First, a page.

Institutional Ethnography: A Sociology for People

Front Cover
Rowman Altamira, 2005 - Social Science - 257 pages
Prominent sociologist Dorothy Smith outlines a method of inquiry that uses everyday experience as a lens to examine social relations and social institutions. Concerned with articulating an inclusive sociology that goes beyond looking at a particular group of people from the detached viewpoint of the researcher, this is a method of inquiry for people, incorporating the expert's research and language into everyday experience to examine social relations and institutions. The book begins by examining the foundations of institutional ethnography in women's movements, differentiating it from other related sociologies; the second part offers an ontology of the social; and the third illustrates this ontology through an array of institutional ethnography examples. This will be a foundational text for classes in sociology, ethnography, and women's studies.
 

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Contents

Introduction
1
Making a Sociology for People
5
Womens Standpoint Embodied Knowing versus the Ruling Relations
7
Womens Standpoint and the Ruling Relations
9
The Historical Trajectory of Gender and the Ruling Relations
13
Knowing the Social An Alternative Design
27
Reorganizing the Social Relations of Objectivity
28
What Is Institutional Ethnography? Some Contrasts
29
An Alternative Understanding of Experience as Dialogue
127
Experience Language and Social Organization
128
The Data Dialogues
135
Conclusion
142
Work Knowledges
145
Work Knowledge as the Institutional Ethnographers Data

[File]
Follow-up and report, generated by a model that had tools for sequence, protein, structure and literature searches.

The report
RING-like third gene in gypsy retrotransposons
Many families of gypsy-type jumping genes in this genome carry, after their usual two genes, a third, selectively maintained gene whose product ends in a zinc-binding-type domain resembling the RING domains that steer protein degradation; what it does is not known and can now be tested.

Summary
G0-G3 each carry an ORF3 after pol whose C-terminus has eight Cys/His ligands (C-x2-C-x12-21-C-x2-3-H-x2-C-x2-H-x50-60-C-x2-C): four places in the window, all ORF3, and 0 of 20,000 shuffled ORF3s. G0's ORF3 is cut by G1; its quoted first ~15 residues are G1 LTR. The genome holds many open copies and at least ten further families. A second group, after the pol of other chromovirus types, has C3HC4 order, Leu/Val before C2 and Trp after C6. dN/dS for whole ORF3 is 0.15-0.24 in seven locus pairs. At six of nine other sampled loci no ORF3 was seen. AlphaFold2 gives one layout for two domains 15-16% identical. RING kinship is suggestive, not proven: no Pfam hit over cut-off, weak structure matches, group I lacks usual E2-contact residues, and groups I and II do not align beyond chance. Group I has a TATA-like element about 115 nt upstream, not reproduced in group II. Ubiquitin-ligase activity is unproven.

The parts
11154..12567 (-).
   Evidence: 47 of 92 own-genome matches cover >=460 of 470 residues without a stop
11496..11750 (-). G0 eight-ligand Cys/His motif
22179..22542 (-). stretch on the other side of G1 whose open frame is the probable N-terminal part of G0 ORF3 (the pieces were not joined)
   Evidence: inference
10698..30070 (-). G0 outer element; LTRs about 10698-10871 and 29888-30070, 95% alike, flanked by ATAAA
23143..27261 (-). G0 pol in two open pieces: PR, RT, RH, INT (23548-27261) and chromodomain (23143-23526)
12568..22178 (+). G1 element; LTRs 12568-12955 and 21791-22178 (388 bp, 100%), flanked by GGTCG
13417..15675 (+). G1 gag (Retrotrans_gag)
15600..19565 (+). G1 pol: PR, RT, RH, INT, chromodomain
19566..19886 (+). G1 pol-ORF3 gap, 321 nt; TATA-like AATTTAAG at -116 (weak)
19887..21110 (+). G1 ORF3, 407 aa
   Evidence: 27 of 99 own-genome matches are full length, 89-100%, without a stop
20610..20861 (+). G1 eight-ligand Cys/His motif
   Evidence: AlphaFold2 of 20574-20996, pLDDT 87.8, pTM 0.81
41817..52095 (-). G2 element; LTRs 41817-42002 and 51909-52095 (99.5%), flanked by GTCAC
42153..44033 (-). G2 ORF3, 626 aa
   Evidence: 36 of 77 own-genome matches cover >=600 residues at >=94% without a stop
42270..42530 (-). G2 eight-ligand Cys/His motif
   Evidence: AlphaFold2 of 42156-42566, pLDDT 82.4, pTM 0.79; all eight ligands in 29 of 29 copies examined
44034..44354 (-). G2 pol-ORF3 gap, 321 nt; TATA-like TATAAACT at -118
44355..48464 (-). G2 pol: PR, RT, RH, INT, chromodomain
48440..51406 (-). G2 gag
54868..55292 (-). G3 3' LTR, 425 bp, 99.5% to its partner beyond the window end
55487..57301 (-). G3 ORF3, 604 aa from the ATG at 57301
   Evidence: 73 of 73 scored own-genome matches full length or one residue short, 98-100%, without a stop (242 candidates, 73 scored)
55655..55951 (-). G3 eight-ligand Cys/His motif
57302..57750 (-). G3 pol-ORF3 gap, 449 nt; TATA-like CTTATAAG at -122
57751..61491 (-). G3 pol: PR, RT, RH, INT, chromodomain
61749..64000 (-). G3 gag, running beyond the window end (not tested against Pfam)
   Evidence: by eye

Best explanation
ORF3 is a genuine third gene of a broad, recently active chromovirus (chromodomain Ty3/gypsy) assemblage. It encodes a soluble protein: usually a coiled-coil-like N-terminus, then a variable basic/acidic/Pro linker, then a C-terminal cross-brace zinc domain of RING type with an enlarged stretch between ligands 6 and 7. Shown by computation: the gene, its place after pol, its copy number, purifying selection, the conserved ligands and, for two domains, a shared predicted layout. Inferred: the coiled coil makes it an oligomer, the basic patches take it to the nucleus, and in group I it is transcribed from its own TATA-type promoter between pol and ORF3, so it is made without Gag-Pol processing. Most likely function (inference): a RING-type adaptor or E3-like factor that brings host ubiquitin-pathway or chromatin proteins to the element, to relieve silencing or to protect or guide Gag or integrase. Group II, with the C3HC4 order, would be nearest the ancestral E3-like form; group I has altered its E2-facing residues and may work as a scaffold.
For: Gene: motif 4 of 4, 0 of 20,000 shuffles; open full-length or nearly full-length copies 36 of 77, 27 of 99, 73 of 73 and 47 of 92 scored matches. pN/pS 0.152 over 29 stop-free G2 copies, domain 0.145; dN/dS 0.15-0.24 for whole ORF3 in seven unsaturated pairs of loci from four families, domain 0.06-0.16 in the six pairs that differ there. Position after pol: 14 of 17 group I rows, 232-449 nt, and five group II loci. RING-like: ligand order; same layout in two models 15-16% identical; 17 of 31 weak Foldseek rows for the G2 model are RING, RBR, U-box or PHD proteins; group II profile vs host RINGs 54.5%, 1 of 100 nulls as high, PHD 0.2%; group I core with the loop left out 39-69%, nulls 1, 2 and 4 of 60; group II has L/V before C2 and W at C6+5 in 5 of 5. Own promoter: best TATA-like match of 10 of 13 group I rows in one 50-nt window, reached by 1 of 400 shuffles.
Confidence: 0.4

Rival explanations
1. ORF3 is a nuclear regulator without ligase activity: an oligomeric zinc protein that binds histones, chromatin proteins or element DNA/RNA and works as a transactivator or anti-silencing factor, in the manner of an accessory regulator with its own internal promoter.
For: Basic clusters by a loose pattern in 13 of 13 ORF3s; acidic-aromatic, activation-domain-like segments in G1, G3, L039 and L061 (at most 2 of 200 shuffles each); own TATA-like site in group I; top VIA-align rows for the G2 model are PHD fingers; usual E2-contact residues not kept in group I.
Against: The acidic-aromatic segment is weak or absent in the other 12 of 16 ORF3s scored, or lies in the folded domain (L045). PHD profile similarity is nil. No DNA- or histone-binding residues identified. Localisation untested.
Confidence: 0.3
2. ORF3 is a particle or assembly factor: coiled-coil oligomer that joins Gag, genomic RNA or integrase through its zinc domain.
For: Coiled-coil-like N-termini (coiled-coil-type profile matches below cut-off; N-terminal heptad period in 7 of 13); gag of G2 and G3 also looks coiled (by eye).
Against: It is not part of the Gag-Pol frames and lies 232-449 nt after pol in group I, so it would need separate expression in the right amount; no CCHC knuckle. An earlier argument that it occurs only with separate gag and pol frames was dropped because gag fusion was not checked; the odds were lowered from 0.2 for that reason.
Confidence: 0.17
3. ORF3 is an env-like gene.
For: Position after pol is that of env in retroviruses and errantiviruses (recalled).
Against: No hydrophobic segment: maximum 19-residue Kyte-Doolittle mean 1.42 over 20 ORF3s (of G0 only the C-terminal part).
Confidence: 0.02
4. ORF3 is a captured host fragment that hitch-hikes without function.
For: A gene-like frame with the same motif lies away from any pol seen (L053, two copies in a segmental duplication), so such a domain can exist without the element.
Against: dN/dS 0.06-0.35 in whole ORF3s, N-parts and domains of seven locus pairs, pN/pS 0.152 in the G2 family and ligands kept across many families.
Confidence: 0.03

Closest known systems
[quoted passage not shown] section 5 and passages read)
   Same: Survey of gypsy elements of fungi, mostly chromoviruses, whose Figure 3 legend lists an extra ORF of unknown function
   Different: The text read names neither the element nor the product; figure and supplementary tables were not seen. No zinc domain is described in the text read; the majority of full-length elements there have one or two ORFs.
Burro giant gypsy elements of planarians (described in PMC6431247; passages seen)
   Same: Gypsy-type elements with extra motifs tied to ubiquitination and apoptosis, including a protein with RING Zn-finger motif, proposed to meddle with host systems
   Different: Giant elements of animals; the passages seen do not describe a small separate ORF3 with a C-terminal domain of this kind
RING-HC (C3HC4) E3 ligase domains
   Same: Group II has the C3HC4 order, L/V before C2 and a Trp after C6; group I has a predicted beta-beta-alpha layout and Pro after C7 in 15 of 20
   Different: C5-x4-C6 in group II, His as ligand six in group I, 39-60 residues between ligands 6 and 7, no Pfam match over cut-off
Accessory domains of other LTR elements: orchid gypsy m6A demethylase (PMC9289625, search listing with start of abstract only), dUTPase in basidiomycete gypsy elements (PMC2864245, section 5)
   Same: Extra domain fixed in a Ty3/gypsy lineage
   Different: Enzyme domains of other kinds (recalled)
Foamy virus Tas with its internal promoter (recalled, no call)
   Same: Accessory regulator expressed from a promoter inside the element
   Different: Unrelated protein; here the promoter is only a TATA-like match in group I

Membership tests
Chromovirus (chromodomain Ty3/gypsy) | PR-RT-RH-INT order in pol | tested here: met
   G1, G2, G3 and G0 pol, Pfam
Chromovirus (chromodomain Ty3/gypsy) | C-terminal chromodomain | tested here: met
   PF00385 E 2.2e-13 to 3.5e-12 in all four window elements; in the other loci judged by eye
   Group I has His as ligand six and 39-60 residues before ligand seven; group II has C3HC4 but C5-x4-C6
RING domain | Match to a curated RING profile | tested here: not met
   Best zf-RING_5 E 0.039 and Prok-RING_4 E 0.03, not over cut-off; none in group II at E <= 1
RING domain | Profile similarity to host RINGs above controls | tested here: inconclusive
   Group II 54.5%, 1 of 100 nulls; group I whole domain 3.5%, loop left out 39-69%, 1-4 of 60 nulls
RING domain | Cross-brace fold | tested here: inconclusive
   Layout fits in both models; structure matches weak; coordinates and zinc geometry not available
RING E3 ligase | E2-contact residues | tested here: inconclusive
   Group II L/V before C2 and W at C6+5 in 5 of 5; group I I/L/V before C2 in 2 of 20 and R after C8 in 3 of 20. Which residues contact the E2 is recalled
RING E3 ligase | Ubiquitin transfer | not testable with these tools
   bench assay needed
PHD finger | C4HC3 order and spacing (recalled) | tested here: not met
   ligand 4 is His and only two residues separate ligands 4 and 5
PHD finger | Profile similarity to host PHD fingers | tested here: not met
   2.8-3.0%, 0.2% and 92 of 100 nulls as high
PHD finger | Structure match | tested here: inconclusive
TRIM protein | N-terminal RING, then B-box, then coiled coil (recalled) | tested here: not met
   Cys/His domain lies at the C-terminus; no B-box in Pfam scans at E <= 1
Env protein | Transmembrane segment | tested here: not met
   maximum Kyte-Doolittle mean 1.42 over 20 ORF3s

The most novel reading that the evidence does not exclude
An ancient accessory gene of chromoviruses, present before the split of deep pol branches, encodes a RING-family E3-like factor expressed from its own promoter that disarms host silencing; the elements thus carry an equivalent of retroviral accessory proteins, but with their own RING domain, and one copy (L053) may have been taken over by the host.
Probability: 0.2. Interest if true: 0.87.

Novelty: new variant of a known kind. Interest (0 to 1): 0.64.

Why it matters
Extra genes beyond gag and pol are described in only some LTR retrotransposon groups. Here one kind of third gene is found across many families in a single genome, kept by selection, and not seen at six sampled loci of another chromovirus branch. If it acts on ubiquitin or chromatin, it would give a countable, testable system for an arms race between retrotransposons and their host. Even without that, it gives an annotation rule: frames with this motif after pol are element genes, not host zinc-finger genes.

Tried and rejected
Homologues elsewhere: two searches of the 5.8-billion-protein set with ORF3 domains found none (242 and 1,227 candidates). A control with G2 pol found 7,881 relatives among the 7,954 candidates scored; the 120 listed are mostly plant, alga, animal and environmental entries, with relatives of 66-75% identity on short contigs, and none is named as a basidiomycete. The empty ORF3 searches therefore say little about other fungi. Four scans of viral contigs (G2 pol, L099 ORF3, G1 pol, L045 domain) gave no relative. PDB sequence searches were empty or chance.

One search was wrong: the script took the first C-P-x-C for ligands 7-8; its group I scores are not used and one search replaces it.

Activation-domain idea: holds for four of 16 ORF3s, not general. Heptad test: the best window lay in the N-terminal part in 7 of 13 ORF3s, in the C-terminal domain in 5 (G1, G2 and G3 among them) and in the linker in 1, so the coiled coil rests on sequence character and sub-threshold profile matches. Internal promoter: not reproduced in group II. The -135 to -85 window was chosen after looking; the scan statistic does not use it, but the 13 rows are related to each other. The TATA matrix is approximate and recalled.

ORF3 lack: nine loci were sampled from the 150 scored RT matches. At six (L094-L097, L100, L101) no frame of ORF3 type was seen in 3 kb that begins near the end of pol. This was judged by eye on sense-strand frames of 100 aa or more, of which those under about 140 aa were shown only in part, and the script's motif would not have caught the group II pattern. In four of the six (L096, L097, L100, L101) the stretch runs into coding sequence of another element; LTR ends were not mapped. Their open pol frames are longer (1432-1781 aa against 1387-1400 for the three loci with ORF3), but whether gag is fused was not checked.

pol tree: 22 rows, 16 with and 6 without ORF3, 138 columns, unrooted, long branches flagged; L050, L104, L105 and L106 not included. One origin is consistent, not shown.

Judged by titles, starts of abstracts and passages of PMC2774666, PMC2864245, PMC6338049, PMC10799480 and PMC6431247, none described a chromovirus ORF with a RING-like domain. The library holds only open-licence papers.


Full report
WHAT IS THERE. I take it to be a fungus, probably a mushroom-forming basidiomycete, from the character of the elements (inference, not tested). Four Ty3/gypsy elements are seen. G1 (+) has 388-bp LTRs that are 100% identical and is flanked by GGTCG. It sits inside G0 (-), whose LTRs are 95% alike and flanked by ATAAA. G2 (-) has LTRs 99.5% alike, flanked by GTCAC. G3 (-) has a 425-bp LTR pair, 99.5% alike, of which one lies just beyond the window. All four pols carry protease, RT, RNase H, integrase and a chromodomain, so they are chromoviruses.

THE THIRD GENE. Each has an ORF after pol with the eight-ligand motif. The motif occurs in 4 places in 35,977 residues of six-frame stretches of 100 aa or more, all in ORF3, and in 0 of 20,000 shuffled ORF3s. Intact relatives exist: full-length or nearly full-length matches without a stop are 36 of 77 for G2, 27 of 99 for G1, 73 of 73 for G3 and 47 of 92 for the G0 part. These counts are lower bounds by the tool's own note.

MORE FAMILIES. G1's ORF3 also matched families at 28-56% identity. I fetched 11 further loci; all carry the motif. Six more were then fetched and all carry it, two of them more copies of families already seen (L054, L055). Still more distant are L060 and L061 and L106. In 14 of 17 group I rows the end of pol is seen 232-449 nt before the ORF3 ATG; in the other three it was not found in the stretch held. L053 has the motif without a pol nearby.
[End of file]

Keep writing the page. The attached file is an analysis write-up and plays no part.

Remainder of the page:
150
Work Knowledge
151
The Problem of Institutional Capture
155

Experience and the Ethnographic Problematic
38
Conclusion
43
An Ontology of the Social
47
Designing an Ontology for Institutional Ethnography
49
An Ontology of the Social
51
Institutions Language and Texts
68
Conclusion
69
Language as Coordinating Subjectivities
75
Reconceptualizing Language as Social
76
Experiential and TextBased Territories
86
Conclusion
94
Making Institutions Ethnographically Accessible
99
Texts TextReader Conversations and Institutional Discourse
101
The Text Reader Conversation
104
The Text Reader Conversations of Institutional Discourse
111
Texts as Institutional Coordinators
118
Conclusion
119
Experience as Dialogue and Data
123
The Problem
124
Assembling and Mapping Work Knowledges
157
Conclusion
161
Texts and Institutions
165
How Texts Coordinate
170
Conclusion
180
Power Language and Institutions
183
Making Institutional Realities
187
Regulatory Frames
191
Conclusion
199
Conclusion
203
Where Weve Got To and Where We Can Go
205
Expansion
212
The Collective Work of Institutional Ethnography
219
Glossary
223
Reference List
231
Index
245
About the Author
Copyright

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About the author (2005)

Dorothy E. Smith is professor emerita in the Department of Sociology & Equity Studies in Education at the University of Toronto and adjunct professor, Department of Sociology, University of Victoria, BC.

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